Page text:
Is the window really closing on new investment in Western Australia’s iron ore industry, or are BHP Billiton and Rio Tinto playing their old game of making life tough for junior miners and anyone else threatening their cosy near-monopoly of the industry?
Whatever the correct answer, and it’s probably bit of both, the curiously coordinated comments from the chief executives of both companies have sent shockwaves through the iron ore sector, and cost some of Perth’s richest people dearly.
Within days of BHP Billiton chief executive, Marius Kloppers, and Rio Tinto chief executive, Tom Albanese, telling an investment conference in the U.S. that Chinese demand for WA’s iron ore would start to slow, and prices would fall, a sharp share-price correction hit all of their smaller rivals.
Fortescue Metals, a thorn in the side of both big miners for the past decade, fell by 11 per cent last week. Atlas Iron and Gindalbie fell by 15 per cent. Iron Ore Holdings fell by 14 per cent, and Grange fell by 10 per cent.
On a personal level, the warning from Kloppers and Albanese that profit margins in iron ore are declining, and might fall sharply, wiped around $500 million off the personal fortune of Fortescue founder, Andrew Forrest.
Even Kerry Stokes, a man better known for his investments in media and industrial equipment, was $10 million worse off at the end of last week thanks to the fall in value of his half share in Iron Ore Holdings, and upwards of another $250 million if you attribute a sharp 12% fall in Seven Group which he controls, and which includes the Westrac Caterpillar business, a major supplier to iron ore miners.
Gina Rinehart’s fortune will also have been pruned by the comments of Kloppers and Albanese, possibly by the same 10 per cent to 15 per cent which hit emerging iron ore producers which, in her case, could amount to between $1 billion and $2 billion, depending on the best guess of her wealth used as a starting point for a fresh estimate.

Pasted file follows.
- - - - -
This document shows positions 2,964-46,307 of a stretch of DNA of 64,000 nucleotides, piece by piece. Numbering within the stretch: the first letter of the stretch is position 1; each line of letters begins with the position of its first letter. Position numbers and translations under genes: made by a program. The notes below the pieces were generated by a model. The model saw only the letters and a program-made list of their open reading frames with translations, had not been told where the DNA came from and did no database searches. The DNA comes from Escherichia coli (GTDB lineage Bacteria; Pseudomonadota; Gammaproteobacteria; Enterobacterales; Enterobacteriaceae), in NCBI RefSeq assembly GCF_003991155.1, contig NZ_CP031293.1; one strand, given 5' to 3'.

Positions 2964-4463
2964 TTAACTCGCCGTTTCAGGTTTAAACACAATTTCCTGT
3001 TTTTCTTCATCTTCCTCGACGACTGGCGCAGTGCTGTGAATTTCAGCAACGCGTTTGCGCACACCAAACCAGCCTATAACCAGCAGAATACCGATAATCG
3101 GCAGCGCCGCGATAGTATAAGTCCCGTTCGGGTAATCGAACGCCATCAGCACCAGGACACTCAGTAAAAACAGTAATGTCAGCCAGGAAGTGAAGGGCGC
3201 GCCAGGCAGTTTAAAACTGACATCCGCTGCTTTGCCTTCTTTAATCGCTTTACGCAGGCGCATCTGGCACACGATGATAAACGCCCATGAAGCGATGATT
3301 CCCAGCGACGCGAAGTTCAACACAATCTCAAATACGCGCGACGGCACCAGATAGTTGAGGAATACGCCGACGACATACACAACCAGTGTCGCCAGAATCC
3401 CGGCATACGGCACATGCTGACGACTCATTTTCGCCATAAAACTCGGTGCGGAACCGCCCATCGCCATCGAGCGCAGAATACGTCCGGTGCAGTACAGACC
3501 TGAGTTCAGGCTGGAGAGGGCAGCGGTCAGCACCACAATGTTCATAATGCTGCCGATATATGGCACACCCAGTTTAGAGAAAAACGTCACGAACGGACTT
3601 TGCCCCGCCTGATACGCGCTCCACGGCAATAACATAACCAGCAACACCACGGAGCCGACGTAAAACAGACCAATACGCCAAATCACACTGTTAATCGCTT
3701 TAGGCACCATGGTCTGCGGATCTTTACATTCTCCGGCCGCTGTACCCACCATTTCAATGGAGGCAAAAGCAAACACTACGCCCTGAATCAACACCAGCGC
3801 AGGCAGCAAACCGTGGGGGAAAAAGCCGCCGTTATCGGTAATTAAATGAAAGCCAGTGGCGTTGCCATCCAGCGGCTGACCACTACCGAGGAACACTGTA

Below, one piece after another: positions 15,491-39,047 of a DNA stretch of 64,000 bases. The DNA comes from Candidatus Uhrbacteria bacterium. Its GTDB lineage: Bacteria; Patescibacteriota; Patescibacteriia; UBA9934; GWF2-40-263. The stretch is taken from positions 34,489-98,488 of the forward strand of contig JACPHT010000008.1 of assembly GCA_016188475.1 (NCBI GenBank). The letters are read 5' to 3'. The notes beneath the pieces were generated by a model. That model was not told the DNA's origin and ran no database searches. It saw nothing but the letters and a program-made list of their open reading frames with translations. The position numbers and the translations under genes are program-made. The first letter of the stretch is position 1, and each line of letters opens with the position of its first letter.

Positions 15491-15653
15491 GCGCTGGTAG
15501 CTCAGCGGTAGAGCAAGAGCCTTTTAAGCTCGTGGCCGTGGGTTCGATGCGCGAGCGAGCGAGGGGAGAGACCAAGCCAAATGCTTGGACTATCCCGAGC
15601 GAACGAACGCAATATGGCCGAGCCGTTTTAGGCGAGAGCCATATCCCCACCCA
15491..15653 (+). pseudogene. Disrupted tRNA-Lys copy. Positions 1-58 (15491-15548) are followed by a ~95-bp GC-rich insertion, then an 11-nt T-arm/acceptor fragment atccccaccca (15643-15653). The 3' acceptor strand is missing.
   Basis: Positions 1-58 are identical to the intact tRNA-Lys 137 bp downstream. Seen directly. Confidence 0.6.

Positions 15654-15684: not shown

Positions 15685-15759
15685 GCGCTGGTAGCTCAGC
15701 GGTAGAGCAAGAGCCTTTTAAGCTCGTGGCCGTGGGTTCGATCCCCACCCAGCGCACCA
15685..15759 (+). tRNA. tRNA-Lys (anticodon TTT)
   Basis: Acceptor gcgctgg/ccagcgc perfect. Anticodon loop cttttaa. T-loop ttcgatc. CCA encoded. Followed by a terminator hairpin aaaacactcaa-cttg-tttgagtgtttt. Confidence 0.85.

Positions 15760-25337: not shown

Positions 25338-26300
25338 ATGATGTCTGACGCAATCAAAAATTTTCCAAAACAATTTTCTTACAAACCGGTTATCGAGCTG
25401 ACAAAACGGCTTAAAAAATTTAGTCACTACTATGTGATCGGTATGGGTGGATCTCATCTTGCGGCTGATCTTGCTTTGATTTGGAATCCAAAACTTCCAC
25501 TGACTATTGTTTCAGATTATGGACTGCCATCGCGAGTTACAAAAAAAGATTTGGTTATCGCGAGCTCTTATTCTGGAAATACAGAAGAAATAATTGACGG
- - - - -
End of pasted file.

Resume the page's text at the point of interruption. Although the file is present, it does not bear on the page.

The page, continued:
Whatever the personal costs inflicted there are the wider questions of the damage done to WA’s economy, and the whether the “China declining” warnings should be taken seriously, or simply seen as a smart business tactic to slow the progress of rivals.
In the case of WA the damage will be real, but spread over time. Royalties will continue to grow with tonnage shipped as expansion projects underway deliver extra iron to China.
It could be a different matter for the Australian Government which has hitched its contentious mining super-tax on the profit line of iron ore and coal miners, a decision which looked unwise when floated three years ago, and even less wise today.
Which leaves the issue of what exactly did Kloppers and Albanese say, and why.
The key comments, and the ones which did most to frighten the markets, related to the size of the future market with Kloppers estimating that new demand for iron ore over the next 10-to-12 years will be about 650 million tonnes, and Albanese seeing new demand at about 700 million tonnes.
The big three producers, BHP Billiton, Rio Tinto and Vale of Brazil, have expansion projects underway that comfortably meet that forecast new demand, which means other miners will have to fight hard to win a slice of a market likely to be fully satisfied, and perhaps over-supplied.
“So, while there is an opportunity for BHP Billiton and others, those that invest should do so knowing that supply in due course will meet demand,” Kloppers is reported as saying in what has been interpreted as a warning that iron ore prices are set to fall sharply over the next decade.
What happens as prices contract is the interesting bit because the winners in a falling market are companies with the lowest costs, and that generally means companies with the best orebodies and well established infrastructure such as railways and ports – and in the Pilbara that means BHP Billiton and Rio Tinto.
While both Kloppers and Albanese can claim they were doing investors a favour by warning of a downturn their other audience was the banking world and potential lenders to major new projects.
If banks and investors can be warned off from supporting new projects the big companies can keep their tight grip on Australia’s most profitable mining business, and that was the ultimate aim of last week’s comments from the chief executives of BHP Billiton and Rio Tinto.